The face of the homeless community in Acadiana changed significantly in 2020, Catholic Charities director Kim Boudreaux said.
Speaking with Jan Swift of the Discover Lafayette podcast, Boudreaux noted how the pattern of people moving in with family following loss of a job or income was no longer an option due to the coronavirus pandemic. Homelessness surged during the year with family homelessness skyrocketing, she said.
You can listen to their conversation here.
Since January 2020, the Acadiana region has experienced an 82% increase in homelessness (with family homelessness up over 200% since March 2020), along with a 77% decrease in emergency shelter beds. Boudreaux’s agency transferred clients into hotels with staff continuing to offer the same services.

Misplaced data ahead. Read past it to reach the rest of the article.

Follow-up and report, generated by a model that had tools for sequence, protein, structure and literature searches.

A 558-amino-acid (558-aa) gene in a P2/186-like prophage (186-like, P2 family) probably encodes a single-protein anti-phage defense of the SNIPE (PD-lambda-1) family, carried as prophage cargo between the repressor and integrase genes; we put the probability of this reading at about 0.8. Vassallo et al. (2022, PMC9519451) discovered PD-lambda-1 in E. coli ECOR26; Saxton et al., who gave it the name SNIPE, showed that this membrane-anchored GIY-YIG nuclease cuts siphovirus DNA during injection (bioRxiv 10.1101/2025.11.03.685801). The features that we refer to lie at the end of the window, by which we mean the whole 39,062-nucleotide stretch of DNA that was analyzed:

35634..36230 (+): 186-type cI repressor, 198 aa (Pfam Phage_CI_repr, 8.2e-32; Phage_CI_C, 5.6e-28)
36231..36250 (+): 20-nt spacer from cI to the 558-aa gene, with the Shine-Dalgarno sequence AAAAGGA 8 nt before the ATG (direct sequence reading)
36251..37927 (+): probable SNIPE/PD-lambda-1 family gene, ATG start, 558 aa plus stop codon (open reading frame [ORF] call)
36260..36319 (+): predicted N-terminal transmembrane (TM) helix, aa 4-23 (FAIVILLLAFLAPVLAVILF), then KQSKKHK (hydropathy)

“Prevention is such an important part of this puzzle,” she said. “The experience of losing your home is very traumatic, especially if you have children. Right now, not having shelter options makes it very difficult.
“Then other things fall apart for the family: you lose your job, the kids don’t go to school and they fall behind. By the time you factor in the cost of rehousing with deposits and getting restabilized, we would all have been better off if we could have prevented the loss of housing from the beginning.”
In March 2020, Catholic Charities counted 166 people in their homeless program, and unsheltered homelessness had been at an all-time low as the organization did not turn people away, offering a place to sleep even if it was on the floor. But the pandemic was a challenge, and the agency closed St. Joseph’s Diner.
Catholic Charities has been offering rent assistance to both tenants and landlords with funding coming from Community Development block grants from Lafayette Consolidated Government. The agency distributed on average $200,000 a month last year for rent and utility assistance, dwarfing the $300,000 handed out in all of 2019.